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Inconsistent handling of the virus : How the EU fails in the corona crisis

The corona pandemic is now severely affecting all European countries. But instead of jointly preventing the virus from spreading further and coordinating jointly how the sick can be cared for in the best possible way, each state is primarily working on its own solutions. These include export bans, border closings and sometimes contradicting measures.

The reason for this is also the structure of the EU. This includes a common internal market, but when it comes to health policy, the Union has no say. According to the EU treaties, this is almost exclusively decided by the member states. And it has done very differently in the past few weeks.

For example, when it comes to replenishing or even sharing medical supplies, testing citizens for the coronavirus or determining how its spread should be prevented, by isolation or by infecting a certain proportion of the population.

Close borders? The epidemic agency thinks that's wrong

The isolated action of European states begins at their borders. Many countries have now closed. The EU Epidemic Agency, the European Center for Disease Prevention and Control (ECDC) informed the Investigate Europe team of journalists when asked that this was a wrong decision: “The available evidence does not support the recommendation of border closings cause significant side effects and social and economic disruptions in the EU. "

Instead, "cooperation is the key to all cross-border health threats, including Covid-19". A view that researchers also support elsewhere.

[The Covid-19 map of Germany: all infections by district and federal state]

"You have to try to act as uniformly as possible in order to be able to counter an epidemic in Europe," says the former director of the Dutch Center for Infectious Disease Control, Roel Coutinho, the Dutch broadcaster NOS. But instead of a common line, each country now has its own policy and, according to Coutinho, these are sometimes confusing.

This is particularly evident from three points: how European countries test their populations, how they separate healthy and infected people from one another and how they procure medical equipment. In all of this, the European Union hardly acts or acts too late - due to a design flaw or an unfortunate assessment of the situation.

I. Who the EU countries are testing

Whether in northern Italy, southern Germany or western France, there is a lack of capacities everywhere to test nationwide. Every state has to restrict who it tests and who not. The criteria for this differ massively. Comparable data can hardly be obtained in this way. In Italy, only people who show symptoms of pneumonia or have had contact with confirmed infected cases are screened.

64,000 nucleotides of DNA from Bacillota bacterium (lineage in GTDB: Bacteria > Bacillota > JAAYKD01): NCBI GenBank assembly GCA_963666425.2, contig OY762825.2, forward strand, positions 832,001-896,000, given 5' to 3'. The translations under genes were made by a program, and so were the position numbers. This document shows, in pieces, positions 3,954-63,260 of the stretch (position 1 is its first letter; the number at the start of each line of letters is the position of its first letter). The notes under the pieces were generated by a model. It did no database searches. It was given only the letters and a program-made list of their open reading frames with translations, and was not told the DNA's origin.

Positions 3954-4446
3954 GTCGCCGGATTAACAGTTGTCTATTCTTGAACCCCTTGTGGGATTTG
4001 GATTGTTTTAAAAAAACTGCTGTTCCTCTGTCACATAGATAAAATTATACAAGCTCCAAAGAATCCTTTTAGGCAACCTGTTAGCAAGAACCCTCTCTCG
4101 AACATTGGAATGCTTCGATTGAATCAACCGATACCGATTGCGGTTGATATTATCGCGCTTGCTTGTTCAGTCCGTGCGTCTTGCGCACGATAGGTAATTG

In Germany or Portugal, usually only those who have Covid 19 symptoms and have had contact with an infected person or have returned from a risk area are tested. France and the Netherlands mainly test people with severe symptoms, Greece mainly older people. WHO Director Adhanom calls this "blindfolded fire fighting".

The end result is data that can hardly be compared across borders. They could help keep infected and healthy people away from each other. But what if it is not clear who carries the virus and who does not?

II. Isolate or infect society

In the past few weeks, public life has been largely shut down in many parts of Europe - but not everywhere.

Last Monday, the Dutch Prime Minister Mark Rutte addressed his nation. It is an absolute priority to minimize the risks for people who are particularly at risk, he said. Therefore, people should isolate themselves, bars have been closed, as well as fitness studios and restaurants, and there will be no school lessons until further notice.

But a deliberate side effect is "to build up controlled herd immunity at the same time," said Rutte. It is hoped that a certain number of people will become infected in order to immunize themselves.

However, he later stressed that the Dutch strategy had been misunderstood and referred to numerous protective measures. Nevertheless, the rules in the neighboring country have so far been relatively loose. The government wanted to avoid a ban on public life for as long as possible. It was not until yesterday, Monday evening, that she decided to forbid more than three people from meeting in public. Shops are allowed to remain open, however, factories are working.

The UK government was most vocal about experimenting with "herd immunity". The WHO warns against such experiments. The top priority should be to test people and isolate infected people.

III. Hoard or share medical equipment

It is also contradicting how the EU states manage their medical equipment. In some countries, for example, there is a lack of cleaning agents, gloves, protective masks or ventilators.

On a Polish auction platform, masks were traded for up to 100 euros until the government banned the deal. Since there is a threat of a bottleneck, private individuals have even started sewing masks in several places in the country. Instead of working from home, some countries continue to order their masks from China, while others have them made in their own country.

In France, the state has confiscated all masks. According to Health Minister Olivier Véran, the country currently has over 100 million masks. But because even that might not be enough in a few weeks, French companies are now producing.